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For me, the best thing about last week’s World Economic Forum in Davos was an exposure to worldviews very different from my own. Professionally, I hang around mainly with technologists, entrepreneurs, businesspeople, and economists at American universities.
People within these groups certainly don’t agree with each other all of the time, or with me, but most of us do share some baseline assumptions on important topics. These include:
- Creative destruction is good news. Better products take market share from inferior ones, more nimble and innovative companies displace slow and sleepy older ones, and entire industries — like those for cameras, film, and standalone GPS devices — can be swept away by something as simple as a smartphone. This process should be encouraged, even though it’s not pleasant for all parties involved, and even though it leads to job loss and worker dislocation.
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I spent a couple of days earlier this month at a small, high-level gathering of people interested in how the field of artificial intelligence (AI) is progressing. Many, if not most, of the attendees actually build AI systems for a living, and many of the discipline’s early pioneers and current bright young things were there. The rest of us were a mix of entrepreneurs, economists, ethicists, lawyers, and others who share an interest in getting computers to do brain-like things.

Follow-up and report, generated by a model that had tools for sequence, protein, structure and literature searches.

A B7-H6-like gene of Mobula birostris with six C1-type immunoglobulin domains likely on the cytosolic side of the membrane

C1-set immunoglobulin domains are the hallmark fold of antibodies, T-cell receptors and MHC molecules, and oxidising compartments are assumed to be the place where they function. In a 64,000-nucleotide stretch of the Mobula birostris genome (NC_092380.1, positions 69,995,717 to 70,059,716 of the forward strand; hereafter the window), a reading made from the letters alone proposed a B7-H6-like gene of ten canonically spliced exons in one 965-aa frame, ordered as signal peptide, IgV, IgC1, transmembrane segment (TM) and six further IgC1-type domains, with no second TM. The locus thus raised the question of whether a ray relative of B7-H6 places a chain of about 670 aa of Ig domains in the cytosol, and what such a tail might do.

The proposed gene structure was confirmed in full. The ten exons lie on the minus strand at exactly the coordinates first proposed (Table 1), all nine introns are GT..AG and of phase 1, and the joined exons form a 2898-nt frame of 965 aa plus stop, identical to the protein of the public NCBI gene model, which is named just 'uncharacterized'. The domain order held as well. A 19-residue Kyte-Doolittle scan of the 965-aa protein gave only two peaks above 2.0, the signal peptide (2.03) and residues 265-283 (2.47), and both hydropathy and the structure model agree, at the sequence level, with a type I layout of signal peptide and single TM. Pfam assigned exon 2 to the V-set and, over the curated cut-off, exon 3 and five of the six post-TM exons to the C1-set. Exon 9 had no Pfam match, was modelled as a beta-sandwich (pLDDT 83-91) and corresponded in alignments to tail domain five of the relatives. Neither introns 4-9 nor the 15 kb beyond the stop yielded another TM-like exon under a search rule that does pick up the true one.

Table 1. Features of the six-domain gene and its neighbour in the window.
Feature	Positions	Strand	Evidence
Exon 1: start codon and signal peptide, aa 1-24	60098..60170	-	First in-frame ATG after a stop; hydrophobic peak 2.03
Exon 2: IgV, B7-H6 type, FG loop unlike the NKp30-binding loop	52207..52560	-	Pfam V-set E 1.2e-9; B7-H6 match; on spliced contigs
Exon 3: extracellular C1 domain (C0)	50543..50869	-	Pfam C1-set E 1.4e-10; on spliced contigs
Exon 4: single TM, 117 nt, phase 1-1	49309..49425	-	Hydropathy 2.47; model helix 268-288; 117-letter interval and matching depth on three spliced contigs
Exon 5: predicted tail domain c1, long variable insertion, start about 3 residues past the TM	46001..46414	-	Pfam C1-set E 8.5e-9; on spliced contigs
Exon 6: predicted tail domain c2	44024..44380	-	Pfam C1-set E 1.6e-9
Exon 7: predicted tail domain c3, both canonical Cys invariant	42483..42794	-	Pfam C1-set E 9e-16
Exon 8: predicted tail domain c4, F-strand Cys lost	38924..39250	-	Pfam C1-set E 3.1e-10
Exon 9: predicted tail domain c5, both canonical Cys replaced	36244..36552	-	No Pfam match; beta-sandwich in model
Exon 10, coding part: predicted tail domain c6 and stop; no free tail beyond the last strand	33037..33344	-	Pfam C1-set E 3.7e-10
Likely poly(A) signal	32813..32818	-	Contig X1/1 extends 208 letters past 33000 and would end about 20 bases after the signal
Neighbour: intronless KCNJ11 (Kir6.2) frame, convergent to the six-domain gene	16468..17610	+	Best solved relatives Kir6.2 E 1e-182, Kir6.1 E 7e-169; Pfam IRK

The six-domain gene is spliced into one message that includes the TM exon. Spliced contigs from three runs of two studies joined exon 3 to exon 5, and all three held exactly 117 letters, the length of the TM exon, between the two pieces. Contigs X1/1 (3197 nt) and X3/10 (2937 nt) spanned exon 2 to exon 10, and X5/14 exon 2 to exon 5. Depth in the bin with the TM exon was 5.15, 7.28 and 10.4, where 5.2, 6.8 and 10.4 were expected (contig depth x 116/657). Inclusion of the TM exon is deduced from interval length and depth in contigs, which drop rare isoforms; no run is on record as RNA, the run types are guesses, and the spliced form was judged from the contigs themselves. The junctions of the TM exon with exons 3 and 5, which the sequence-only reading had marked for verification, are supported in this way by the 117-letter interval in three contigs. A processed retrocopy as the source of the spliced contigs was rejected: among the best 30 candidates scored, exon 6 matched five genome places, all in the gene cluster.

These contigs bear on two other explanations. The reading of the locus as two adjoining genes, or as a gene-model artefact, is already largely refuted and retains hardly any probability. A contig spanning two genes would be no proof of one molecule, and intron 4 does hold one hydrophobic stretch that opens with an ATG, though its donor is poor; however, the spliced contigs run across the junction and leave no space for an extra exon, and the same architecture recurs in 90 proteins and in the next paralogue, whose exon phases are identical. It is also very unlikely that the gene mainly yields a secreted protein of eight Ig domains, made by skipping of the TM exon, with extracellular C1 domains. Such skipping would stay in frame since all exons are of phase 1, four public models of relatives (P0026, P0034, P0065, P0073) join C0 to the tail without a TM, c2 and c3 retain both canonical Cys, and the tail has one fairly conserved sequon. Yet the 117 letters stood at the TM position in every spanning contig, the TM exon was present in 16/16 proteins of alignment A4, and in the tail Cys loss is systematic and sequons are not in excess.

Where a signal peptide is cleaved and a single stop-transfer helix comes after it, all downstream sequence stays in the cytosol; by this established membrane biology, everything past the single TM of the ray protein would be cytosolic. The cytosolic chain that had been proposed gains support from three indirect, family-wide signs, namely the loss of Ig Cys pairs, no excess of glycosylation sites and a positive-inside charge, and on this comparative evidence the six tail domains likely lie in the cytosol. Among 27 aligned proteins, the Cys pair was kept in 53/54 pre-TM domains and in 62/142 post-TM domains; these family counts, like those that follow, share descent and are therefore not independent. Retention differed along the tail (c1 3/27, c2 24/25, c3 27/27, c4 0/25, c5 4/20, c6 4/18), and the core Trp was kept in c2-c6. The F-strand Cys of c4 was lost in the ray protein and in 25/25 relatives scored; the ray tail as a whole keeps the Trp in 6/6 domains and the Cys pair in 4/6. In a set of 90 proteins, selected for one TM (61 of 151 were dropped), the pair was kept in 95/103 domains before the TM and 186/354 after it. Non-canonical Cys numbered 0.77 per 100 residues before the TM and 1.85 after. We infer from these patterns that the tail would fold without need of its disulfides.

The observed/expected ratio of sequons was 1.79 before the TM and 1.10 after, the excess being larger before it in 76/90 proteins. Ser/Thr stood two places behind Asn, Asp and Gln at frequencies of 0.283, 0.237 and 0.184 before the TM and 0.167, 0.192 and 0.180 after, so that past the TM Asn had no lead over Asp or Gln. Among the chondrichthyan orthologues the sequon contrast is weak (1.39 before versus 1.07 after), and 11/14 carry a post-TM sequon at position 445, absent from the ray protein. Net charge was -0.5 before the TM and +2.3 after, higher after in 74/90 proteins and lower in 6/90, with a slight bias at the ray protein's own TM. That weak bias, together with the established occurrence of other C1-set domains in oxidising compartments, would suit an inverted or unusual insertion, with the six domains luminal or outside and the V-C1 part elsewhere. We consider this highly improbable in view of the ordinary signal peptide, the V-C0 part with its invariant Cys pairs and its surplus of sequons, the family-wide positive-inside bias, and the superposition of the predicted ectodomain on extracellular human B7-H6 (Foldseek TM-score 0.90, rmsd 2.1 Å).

The group came together largely to discuss AI safety — the challenges and problems that might arise if digital systems ever become superintelligent. I wasn’t that concerned about AI safety coming into the conference, for reasons that I have written about previously. So did I change my mind?
Maybe a little bit. The argument that we should be concerned about any potentially existential risks to humanity, even if they’re pretty far in the future and we don’t know exactly how they’ll manifest themselves, is a fairly persuasive one. However, I still feel that we’re multiple “Watson and Crick moments” away from anything we need to worry about, so I haven’t signed the open letter on research priorities that came out in the wake of the conference — at least not yet. But who knows how quickly things might change? Read more
When hugely intelligent and accomplished people start worrying a lot about artificial intelligence, should we join them? The physicist Stephen Hawking recently told the BBC that “the development of full artificial intelligence could spell the end of the human race”. Earlier this autumn the entrepreneur Elon Musk called AI “our biggest existential threat” and compared the research under way to “summoning the demon”.
Why is this? Prof Hawking gives a concise summary of the big fear: that once there is true artificial intelligence — a full digital version of the human mind — it “would take off on its own, and redesign itself at an ever-increasing rate . . . Humans, who are limited by slow biological evolution, couldn’t compete, and would be superseded.” Read more
Thomas Piketty’s book Capital in the 21st Century was named the FT/McKinsey Business Book of the Year last week. It’s a hard decision to argue with (even though our book The Second Machine Age was also on the shortlist!) Piketty’s contribution is fundamental; he showed us how wealth and income have been distributed over hundreds of years in several countries, and showed how similar the patterns and trends are.